Research

# Teaching

## Spring 2015: Math 241 BDB

I believe the best way to learn mathematics is to understand the "pictures" behind the subject. I try to convey these ideas, and hopefully by understanding them my students will have a deep knowledge that they can draw upon to help recall even the more computational aspects. (This is not to say that intuition should replace rigor. But rigorous definitions follow good ideas.)

I am grateful to have been awarded the Brahana TA award for 2014. I have appeared on the List of Teachers Ranked as Excellent in Fall '09, Spring '10, Fall '11, Fall '12, Spring '13, and Spring '14.

See the bottom of this page for some selected teaching materials I have developed. Or look through the Archive of my course webpages.

Students: I will do my best to help you learn. But learning is not a passive process. Especially at higher levels of difficulty, a student must actively participate by reading appropriate texts, studying notes, and attempting problems. Paul Halmos wrote about mathematics:

"Don't just read it; fight it! Ask your own questions, look for your own examples, discover your own proofs. Is the hypothesis necessary? Is the converse true? What happens in the classical special case? What about the degenerate cases? Where does the proof use the hypothesis?"

• If I mark a question with a tilde (~), I mean that what you've written is not technically correct but is close enough for me to not take off points. It will frequently occur in a question with many parts: if you answer the first part incorrectly, the subsequent parts are graded as though your first answer were correct. (Note that if your incorrect answer to the first part makes the subsequent parts significantly easier, this may not apply.)
• The bulk of the points in a question comes from the work that we are currently dealing with in the course. An algebra error will count less than not taking the derivative correctly.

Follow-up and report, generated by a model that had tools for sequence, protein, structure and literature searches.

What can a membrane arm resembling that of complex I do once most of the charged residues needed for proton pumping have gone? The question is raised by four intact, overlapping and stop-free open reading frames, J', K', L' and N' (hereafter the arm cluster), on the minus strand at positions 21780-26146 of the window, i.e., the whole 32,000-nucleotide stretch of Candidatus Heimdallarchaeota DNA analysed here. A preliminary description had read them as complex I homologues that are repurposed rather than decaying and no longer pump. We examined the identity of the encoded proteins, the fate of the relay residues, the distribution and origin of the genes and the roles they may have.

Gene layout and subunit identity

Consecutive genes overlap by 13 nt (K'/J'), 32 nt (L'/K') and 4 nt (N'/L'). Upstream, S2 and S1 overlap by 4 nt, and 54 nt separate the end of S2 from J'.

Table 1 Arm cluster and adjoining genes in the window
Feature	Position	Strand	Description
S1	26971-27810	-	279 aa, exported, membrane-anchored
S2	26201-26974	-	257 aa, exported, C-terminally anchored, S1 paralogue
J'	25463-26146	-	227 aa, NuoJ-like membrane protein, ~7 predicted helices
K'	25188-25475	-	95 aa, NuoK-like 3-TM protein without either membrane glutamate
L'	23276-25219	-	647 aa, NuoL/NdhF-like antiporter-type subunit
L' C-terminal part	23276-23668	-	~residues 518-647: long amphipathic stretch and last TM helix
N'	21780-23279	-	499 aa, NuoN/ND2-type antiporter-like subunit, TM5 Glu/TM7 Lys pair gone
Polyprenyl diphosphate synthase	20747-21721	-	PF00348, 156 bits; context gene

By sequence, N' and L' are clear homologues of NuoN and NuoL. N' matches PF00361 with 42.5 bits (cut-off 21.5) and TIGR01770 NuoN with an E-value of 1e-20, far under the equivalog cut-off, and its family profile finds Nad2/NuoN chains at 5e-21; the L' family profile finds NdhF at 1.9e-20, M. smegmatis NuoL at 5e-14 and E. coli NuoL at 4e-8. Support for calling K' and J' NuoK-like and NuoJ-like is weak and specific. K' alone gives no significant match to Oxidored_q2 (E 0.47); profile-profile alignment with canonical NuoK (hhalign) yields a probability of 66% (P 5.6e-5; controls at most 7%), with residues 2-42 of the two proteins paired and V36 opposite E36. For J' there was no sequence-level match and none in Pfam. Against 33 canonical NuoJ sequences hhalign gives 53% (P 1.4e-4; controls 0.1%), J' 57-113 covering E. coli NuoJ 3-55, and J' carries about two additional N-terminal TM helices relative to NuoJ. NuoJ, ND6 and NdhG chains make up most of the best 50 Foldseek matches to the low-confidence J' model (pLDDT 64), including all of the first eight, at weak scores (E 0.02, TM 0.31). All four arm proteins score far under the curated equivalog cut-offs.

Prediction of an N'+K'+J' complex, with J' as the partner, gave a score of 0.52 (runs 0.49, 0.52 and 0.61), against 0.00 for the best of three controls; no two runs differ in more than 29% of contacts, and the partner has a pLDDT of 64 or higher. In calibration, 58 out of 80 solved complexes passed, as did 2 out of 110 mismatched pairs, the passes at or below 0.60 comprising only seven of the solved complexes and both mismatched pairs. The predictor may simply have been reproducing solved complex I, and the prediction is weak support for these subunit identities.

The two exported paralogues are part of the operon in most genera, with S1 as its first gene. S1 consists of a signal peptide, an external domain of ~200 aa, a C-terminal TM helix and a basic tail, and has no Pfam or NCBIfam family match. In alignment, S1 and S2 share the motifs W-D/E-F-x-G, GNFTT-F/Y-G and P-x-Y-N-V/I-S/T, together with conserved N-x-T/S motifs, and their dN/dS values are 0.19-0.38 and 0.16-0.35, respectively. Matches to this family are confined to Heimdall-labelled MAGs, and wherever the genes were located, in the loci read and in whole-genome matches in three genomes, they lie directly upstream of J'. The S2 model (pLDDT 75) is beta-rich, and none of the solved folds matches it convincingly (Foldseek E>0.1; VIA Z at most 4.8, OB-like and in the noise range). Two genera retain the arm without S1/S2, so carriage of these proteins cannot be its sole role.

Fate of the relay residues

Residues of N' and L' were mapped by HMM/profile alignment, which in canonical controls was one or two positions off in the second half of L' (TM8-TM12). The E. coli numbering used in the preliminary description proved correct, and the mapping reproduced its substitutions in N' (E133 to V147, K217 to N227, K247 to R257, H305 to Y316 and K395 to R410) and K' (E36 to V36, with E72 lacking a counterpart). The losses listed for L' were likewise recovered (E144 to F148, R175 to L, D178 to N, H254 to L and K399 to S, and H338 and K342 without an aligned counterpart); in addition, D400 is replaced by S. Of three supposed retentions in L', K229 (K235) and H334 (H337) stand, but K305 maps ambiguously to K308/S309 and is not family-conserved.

#### Sample teaching materials:

• π Day 2015 event materials.
• Spring11 Merit worksheet 16; fun with word problems.
• Fall11 Merit worksheet 10; problems 1 and 2 were in response to some student misunderstanding of symmetry in related problems on the previous worksheet.
• Fall11 Merit worksheet 19; after some standard practice problems, students find the well-known Euler formula, and then move on to a nice (if a bit convoluted) application problem.
• Fall11 Merit worksheet 20; filled with fun nonstandard problems.
• Spring13 C&M exam 2 solutions; this is fairly representative of one of my 1-hour exams.
• Mathematica notebook for Lagrange's method as part of a solution (interactive notebook if you have Mathematica or its CDF player, or noninteractive (and poorly formatted) pdf); the descriptions of the method in the existing notebooks only dealt with applications with a constraint equality, but I feel constraint inequalities are an important aspect.
• Mathematica notebook for examples of the PageRank algorithm (notebook or pdf; see also the second example's worksheet).